Metro deal gives Prince George's confidence in luring federal agency

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Local,Business,Maryland,Ben Giles
A historic development deal between Metro and the federal government's leasing arm has Prince George's County Executive Rushern Baker confident the county will finally be able to lure a federal headquarters complex -- perhaps the coveted FBI relocation.
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  • The transit agency reached an agreement with the General Services Administration that would make it easier to move a federal agency to one of four Metro stations primed for transit-oriented development. Stations must have 500,000 square feet available nearby that isn't already committed to other developments.

    Among the four stations meeting the criteria, two are in Prince George's County -- Branch Avenue and Naylor Road -- along with the Anacostia station in the District and Huntington in Fairfax County, according to Aubrey Thagard, a member of Baker's economic development team.

    "We've got some of the most undeveloped Metro stations in the region, stations that, one, have the land capacity they're looking for, and two, give the ability to get right on the Green Line and Orange Line and connect with other agencies," Baker told WTOP.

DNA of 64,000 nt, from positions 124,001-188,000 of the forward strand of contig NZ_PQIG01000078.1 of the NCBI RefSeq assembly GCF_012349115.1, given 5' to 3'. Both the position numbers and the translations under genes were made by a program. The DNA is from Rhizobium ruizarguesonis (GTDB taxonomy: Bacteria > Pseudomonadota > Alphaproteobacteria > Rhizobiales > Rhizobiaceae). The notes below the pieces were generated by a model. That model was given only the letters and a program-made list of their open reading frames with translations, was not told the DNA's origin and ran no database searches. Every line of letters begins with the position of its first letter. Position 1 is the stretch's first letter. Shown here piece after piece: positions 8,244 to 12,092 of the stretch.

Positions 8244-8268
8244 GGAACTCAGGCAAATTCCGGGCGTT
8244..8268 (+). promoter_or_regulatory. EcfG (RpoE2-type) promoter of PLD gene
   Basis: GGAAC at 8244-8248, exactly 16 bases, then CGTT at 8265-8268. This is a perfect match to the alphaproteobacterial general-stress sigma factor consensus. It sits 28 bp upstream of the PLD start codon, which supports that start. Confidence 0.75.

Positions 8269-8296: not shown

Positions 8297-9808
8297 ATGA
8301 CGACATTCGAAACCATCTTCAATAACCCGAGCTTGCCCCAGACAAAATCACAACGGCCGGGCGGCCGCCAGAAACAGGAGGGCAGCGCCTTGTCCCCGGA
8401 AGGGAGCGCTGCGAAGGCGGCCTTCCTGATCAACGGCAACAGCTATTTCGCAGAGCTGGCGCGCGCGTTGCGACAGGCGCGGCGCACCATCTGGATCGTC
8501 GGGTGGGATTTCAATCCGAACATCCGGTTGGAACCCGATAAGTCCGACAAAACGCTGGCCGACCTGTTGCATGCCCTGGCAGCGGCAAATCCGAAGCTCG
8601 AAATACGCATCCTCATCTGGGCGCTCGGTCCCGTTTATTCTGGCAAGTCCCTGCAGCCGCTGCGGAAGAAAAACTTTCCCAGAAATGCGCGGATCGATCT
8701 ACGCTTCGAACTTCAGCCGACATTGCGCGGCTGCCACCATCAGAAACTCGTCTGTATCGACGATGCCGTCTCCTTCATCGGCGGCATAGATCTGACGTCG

As for where the FBI should relocate, he said "they should stop looking. They should only look in Prince George's."

    Prince George's is already home to the Census Bureau and the Internal Revenue Service.

    The Senate Environment and Public Works Committee has approved a plan for the GSA to look for a new 2.1 million-square-foot home for the FBI. The measure still must be introduced in the House and pass the full Congress before taking effect.

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  • Reports show the FBI no longer fits inside its 40-year-old office, the J. Edgar Hoover Building, in the District. The building must be demolished or renovated, or a new office space must be found.

    The terms of the agreement with Metro would remove some of the hoops GSA officials must jump through as the agency searches for developers and land for the federal government, Thagard said.

    "It puts them in a much stronger position to dictate exactly what their expectations are in terms of development," he said.

    None of the Metro stations that fit the agreement is in Montgomery County, one of Prince George's strongest competitors, which recently kept the Department of Health and Human Services with a bid that drew strong objections from several potential sites in Prince George's. However, Loudoun County has emerged as a potential suitor for the FBI thanks to the construction of the Silver Line, which will provide the county with ample real estate for development around new Metro stations.

    bgiles@washingtonexaminer.com

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